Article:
Rügen and its white chalk cliffs
Rügen is the largest – and, in the minds of many, the most beautiful – of Germany’s islands, with its endless pristine beaches of soft sand. What’s more, it is easy to get to by rail, bus or car. The island is best known for its white chalk cliffs, perhaps most famously depicted in ‘White Chalk Cliffs on Rügen’ by the 19th-century German Romantic landscape painter Caspar David Friedrich. Not that you’ll be able to find the exact landscape shown in the painting – it has long since crumbled away and fallen into the sea. This ongoing process of erosion is why you should heed the safety signs and stay well back from the cliff edge. We recommend you take the clifftop path from Sassnitz to Lohme, where you can enjoy magnificent views of the chalk coastline and its highest elevation, Königsstuhl (King’s Seat), from five lookout points along the way.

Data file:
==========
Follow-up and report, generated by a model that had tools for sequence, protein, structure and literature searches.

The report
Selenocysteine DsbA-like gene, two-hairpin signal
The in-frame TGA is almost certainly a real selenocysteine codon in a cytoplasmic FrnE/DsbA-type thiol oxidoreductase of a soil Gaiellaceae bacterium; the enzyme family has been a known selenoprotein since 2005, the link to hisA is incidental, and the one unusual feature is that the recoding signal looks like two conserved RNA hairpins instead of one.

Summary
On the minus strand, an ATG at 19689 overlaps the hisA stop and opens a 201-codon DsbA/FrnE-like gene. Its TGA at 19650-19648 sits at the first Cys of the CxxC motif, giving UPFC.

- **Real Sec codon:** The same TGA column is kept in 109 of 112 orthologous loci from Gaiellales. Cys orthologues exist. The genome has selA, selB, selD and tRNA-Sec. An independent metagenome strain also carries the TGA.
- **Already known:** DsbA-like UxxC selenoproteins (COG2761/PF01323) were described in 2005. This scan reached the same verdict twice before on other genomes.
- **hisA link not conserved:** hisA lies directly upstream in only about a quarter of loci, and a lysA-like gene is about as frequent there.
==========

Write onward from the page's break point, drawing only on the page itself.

The island’s many other attractions include the historic Seebrücke pier in Sellin, Jasmund National Park with its ancient, UNESCO World Heritage beech forests, Cape Arkona, and the Störtebeker Festival, an open-air theatrical re-enactment of the exploits of the infamous 14th-century pirate Störtebeker. If you like your fun a little darker and more mystical, then a trip to the ruins of Dwasieden Castle, the bizarrely stunted beeches of the Hexenwald (‘Witches’ Wood’), and the island’s various Stone Age burial mounds may be just the thing for you.
Rügen also boasts a wealth of scenic cycling tracks – perfect if you want to combine sightseeing with a good workout. Or for a more leisurely approach, we recommend a steam train tour of the southwestern part of the island on ‘Rasender Roland’, Germany’s oldest narrow-gauge railway, stopping at the seaside resorts of Binz, Sellin and Baabe. Nightspots include bars in Binz and the Hyperdrome club in Sehlen.
Rügen, like many other German island destinations, is very strong on sustainability, and its tourism board has various initiatives to reduce littering and protect the environment.